Academic Goal Setting: Implications
Research has consistently suggested that the two types of academic goal orientations produce significantly different adaptive or nonadaptive learning-related behaviors (Maehr, 1999).  According to Covington (2000), “one’s achievement goals are thought to influence the quality, timing, and appropriateness of cognitive strategies that, in turn, control the quality of one’s accomplishments” (p. 174).  In general, the research suggests (Anderman et al., 2002; Covington, 2000; Eccles & Wigfield, 2002; Kaplan & Maehr, 1999; Linnenbrink & Pintrich, 2002b; Maehr, 1999; Newman, 2000; Pintrich, 2000b, 2000c; Skaalvik & Skaalvik, 2002; Snow et al., 1996):
  • A performance goal orientation is associated with nonadaptive learning behaviors which include hiding self-perceived incompetence, self-handicapping, greater worry and anxiety, increased behavior problems, a concern for establishing superiority relative to others, a focus on obtaining grades for grades' sake or other external reasons, less adaptive subsequent motivation, negative self-evaluations and affect, poorer and disorganized strategy use, and poorer academic performance.  A performance goal orientation has been associated with students demonstrating a pattern of “helplessness” and the avoidance of challenging situations in order to maintain positive self-perceptions of ability (when compared to others).  “Success…is evaluated in social comparison terms. In terms of developing self-esteem, this is a decidedly hazardous situation. By definition, success is a limited commodity. Only a few, at best, can win a competitive game” (Maehr, 1999, p. 331).
  • A learning goal orientation is associated with more adaptive learning behaviors: positive affect (e.g., pride and satisfaction), higher levels of efficacy, interest, task effort and engagement, the use of more creative and deep self-regulatory learning strategies, and better academic performance.  When learning results in stress and frustration, learning goal oriented students tend to view the situation as a challenge, are often energized by the challenge, maintain a positive and optimistic outlook, persevere, and demonstrate the ability to be strategically flexible in their problem solving strategies. 
  • The adoption of a particular learning goal orientation is predictive of, and related to, the attainment of important and valued educational outcomes for children and adolescents.  According to Covington’s (2000) review, “the accumulated evidence overwhelmingly favors the goal-theory hypothesis that different reasons for achieving, nominally approach and avoidance, influence the quality of achievement striving via self-regulation mechanisms” (p. 178).  A learning goal orientation is a key student attribute that should be assessed and fostered in learning environments.  A learning goal orientation is associated with environments that define success as progress and improvement, value effort and learning, and accept mistakes as an inherent component of learning.  Learning goal oriented environments stress personal goals, internal comparisons, and a focus on past performance as a frame of reference.  In contrast, educational practices that encourage normative ability social comparisons (comparisons that highlight and accentuate competency differences) are believed to foster performance goal orientations and associated maladaptive learner behaviors. Classroom and school incentive systems, which specify how students are evaluated and how rewards (e.g., grades, praise) are distributed, can have a significant impact on a student’s adoption of a specific academic goal orientation.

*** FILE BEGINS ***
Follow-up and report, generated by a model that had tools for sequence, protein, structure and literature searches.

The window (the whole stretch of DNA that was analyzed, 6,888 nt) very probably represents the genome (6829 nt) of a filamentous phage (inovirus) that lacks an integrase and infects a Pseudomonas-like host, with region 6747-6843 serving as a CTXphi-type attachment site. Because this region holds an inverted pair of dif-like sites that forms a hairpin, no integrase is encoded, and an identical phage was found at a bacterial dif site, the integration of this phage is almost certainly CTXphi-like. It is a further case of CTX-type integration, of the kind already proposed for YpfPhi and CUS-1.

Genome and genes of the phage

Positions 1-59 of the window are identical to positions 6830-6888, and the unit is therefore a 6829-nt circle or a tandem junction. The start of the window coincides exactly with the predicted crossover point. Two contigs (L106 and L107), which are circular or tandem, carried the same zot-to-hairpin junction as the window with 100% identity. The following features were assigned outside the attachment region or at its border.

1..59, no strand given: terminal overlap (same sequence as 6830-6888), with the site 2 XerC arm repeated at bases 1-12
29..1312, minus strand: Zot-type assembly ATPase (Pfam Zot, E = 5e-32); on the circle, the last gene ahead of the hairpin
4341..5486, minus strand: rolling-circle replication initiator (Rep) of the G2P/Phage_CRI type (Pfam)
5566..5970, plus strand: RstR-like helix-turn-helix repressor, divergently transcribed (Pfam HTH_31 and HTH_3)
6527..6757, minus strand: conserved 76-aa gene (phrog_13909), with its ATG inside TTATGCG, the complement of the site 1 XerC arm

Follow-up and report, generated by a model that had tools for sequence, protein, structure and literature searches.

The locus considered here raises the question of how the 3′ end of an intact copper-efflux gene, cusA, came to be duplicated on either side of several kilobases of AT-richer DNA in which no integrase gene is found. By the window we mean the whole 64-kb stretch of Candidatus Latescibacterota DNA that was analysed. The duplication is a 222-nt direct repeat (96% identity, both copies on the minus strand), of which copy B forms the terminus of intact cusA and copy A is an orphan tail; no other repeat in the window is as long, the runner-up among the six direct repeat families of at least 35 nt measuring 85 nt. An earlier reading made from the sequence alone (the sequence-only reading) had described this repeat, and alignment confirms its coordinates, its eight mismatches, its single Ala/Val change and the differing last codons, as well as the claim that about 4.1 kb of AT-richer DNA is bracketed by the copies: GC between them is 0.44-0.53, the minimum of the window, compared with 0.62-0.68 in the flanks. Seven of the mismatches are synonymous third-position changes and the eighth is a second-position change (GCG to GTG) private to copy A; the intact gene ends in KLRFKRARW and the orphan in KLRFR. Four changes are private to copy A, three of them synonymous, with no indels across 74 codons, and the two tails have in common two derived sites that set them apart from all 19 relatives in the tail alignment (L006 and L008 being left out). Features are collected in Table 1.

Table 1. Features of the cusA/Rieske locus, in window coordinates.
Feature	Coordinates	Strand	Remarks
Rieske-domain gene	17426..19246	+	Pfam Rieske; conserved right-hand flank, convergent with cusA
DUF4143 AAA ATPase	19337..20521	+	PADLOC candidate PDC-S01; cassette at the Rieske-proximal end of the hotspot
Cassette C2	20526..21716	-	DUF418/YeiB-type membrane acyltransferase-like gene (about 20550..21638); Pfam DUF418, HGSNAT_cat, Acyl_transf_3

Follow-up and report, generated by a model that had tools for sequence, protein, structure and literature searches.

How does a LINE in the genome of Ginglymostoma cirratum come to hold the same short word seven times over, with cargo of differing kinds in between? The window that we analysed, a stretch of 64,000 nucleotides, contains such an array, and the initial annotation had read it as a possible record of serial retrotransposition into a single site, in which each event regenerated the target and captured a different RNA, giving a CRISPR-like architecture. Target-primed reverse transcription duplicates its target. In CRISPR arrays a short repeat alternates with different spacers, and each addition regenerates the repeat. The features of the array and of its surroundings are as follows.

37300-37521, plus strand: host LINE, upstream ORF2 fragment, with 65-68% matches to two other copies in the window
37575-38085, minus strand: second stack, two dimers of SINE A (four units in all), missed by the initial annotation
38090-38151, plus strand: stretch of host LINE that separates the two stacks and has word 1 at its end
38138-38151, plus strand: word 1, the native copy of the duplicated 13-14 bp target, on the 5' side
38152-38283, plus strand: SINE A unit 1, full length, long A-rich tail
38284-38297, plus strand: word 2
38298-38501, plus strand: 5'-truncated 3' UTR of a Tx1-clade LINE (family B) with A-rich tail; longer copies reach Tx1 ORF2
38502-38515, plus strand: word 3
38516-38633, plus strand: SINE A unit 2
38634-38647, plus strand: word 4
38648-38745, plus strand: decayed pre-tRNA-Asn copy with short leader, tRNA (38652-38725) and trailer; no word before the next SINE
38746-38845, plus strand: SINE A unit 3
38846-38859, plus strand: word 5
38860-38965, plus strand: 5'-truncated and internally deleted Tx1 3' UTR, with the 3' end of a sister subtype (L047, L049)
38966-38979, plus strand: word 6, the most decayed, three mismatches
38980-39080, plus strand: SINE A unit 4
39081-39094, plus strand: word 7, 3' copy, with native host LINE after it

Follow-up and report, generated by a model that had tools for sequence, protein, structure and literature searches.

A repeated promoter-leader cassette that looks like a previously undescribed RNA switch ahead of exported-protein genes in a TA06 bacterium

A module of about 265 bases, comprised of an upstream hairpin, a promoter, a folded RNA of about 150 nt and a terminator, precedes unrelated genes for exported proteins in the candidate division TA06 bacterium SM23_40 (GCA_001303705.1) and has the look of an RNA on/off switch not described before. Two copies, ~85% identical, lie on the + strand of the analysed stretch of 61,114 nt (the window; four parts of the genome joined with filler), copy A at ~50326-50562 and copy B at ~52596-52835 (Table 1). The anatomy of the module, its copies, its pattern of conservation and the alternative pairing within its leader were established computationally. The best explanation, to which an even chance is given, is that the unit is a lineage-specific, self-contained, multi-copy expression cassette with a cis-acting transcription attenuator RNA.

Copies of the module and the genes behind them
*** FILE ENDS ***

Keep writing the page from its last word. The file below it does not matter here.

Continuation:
• The reader is referred to Covington (2002) for a summary of the research on the two major categories of classroom incentive structures (ability vs. equity game structures).
  • Recently, some goal achievement research has differentiated between two subtypes of performance goal orientation.  Performance-  approach goals are hypothesized to be present when a student’s purpose for learning is focused on demonstrating their competence and abilities.  Performance-approach orientations have been associated with both adaptive and maladaptive learning outcomes.  It is hypothesized that for some students, a focus on doing better than others and publicly demonstrating their competence (performance- approach) can contribute to higher levels of motivation, task engagement, and academic success, particularly when the student also displays intrinsic interest in the task.  However, there is disagreement in the field regarding the positive and negative consequences of a performance-avoidance goal orientation (Eccles & Wigfield, 2002).  A performance- avoidance goal orientation is present when a student’s purpose or goal for achievement is to avoid the demonstration of incompetence (i.e., avoid looking stupid). Performance- avoidance goals have been linked with maladaptive educational and behavioral outcomes.
  • Developmental research has revealed significant differences and changes in a student’s goal orientation over time, largely in response to students adapting to new environments.  In general, the developmental goal orientation research literature suggests that changes occur more as a function of changing learning environment, and not enduring personality traits (Anderman et al., 2000).